Dave and Alannah and I were working on songs for her first album and Dave casually said “it would be great if we had a shuffle”. I put up my hand and played the first verse and chorus of Black Velvet and Alannah instantly claimed it!
Why that song connected as it did, I have no idea. Just last year, Melissa Etheridge, Kelly Clarkson, Meghan Patrick and ‘The Masked Singer’ covered it. Upcoming, it’s going to be featured on “Beat Shazam”, “Name That Tune” and “RuPaul’s Drag Race”. The power of one song to have a place in so many people’s lives is humbling and mysterious. I remain grateful.
No disrespect but you are an old-school writer and singer and maybe because of this, your oeuvre has fallen between the cracks more than not. Tell us about this album, and what you hope to accomplish with it. For instance, is this a collection that you hope to shop to singers who rely on outside material?
I went into making this record for creative reasons. I knew what kind of music I wanted to make and how I wanted to record it. How I would navigate the challenge of finding an audience wasn’t on my mind for one heartbeat, but now that it’s done, I would love these songs to be heard. A lot of joy went into writing and recording them, and I think they could have meaning for people who loved crafted songs that express life in all its stages. I tried to push myself creatively to share whatever hard-won knowledge I have in the hopes that some of it would resonate with listeners who, like me, have lived a little.
Can you share a few amusing stories, or horrors ones for that matter, from being on the road, or more broadly in your professional life?
Every musician has a few horror stories and I don’t think mine are any more execrable than anyone else’s. Bar owners who refuse to pay, rowdy patrons threatening to break your guitar over your head if you don’t play their favourite song, getting fired in favour of a stripper – all of it.
I used to take the insults seriously, starting with a lusty “play some rock n’ roll” and escalating to “Zeeeepelinnn”, before landing on that Zen koan of insults, “play something you know”.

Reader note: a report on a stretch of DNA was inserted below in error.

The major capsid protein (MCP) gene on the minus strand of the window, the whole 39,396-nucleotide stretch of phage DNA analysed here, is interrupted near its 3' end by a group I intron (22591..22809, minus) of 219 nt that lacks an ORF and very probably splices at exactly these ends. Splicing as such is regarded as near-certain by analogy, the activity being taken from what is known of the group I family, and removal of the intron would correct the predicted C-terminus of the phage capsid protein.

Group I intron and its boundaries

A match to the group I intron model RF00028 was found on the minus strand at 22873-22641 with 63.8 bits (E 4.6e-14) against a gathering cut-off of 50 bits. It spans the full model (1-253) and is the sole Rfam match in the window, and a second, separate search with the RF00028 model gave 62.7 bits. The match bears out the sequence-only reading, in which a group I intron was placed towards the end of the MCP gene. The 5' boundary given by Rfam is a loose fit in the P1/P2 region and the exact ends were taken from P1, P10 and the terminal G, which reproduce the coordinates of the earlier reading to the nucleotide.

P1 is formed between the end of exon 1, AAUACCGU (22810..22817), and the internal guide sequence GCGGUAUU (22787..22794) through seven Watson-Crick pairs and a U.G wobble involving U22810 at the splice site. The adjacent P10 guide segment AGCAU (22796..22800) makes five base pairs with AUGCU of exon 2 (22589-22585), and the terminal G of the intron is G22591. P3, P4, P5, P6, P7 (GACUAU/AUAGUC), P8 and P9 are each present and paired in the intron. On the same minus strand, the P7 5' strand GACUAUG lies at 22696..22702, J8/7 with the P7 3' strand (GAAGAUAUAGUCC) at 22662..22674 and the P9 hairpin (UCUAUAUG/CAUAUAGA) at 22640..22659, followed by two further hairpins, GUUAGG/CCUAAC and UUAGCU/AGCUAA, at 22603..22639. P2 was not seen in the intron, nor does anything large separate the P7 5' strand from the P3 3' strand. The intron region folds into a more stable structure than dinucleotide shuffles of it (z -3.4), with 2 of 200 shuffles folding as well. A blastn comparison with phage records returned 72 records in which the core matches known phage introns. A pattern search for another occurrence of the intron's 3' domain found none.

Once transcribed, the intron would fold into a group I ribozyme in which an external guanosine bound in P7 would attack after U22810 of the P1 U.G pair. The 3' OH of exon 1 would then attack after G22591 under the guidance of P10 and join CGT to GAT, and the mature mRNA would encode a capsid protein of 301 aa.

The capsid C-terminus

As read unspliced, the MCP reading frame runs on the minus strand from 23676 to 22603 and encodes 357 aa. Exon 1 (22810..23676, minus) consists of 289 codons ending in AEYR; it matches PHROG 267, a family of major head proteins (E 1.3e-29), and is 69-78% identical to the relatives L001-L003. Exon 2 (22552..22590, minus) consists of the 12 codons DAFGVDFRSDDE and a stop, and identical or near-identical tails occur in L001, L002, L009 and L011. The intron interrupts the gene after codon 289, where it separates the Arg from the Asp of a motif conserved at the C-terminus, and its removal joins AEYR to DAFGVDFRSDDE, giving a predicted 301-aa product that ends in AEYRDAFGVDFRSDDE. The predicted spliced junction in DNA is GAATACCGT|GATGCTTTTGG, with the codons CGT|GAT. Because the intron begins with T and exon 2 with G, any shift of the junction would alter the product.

To encapsulate it all into one gig I have to return to Fort Erie, Ontario, where I was billed, seriously, as “The Chris Warrat Duo, Direct from Toronto”. The climax of the gig-from-hell came when my guitarist and I were on a tiny stage, far too close to the unhappy patrons as we tiptoed through our Jackson Browne covers. Just as we started The Beatles’ You Can’t Do That, a bottle flew through the air past my head. I stopped playing, said “You can’t do that,” mustering as much outrage as I could, and we left the stage, the bar and Fort Erie with no pay, but no bruises.
Do you have a favourite song you’ve written?
The favourite song I’ve written? I was living with Alannah in a run-down fourplex apartment in The Beach area of Toronto, just up from the boardwalk. I’d come back from a disastrous tour where I got stiffed by (a promoter) in Saskatoon at the end of a week playing at the colourful A-4 club. My tour got cancelled suddenly, and I had to pay the players and fly them home, returning to The Beach with my tail between my legs.
Alannah was doing the odd extra gig or print ad, like one for ‘Tidy Bowl’ that we laugh about to this day. We usually had no cash and when my SOCAN cheque would arrive, we’d celebrate by paying the bills and heading downtown for a Cosmic Burger at the Queen Mother Café. I wanted to write something romantic for us, to lift us out of our struggles and provide that temporary escape that a song can. From that period came Sonny Say You Will, an old-fashioned song in many ways, referencing the boardwalk from the Drifters’ song as well as from our neighbourhood. She loved it and recorded a beautiful version on her second album, Rockinghorse. It was my mother’s favourite song too.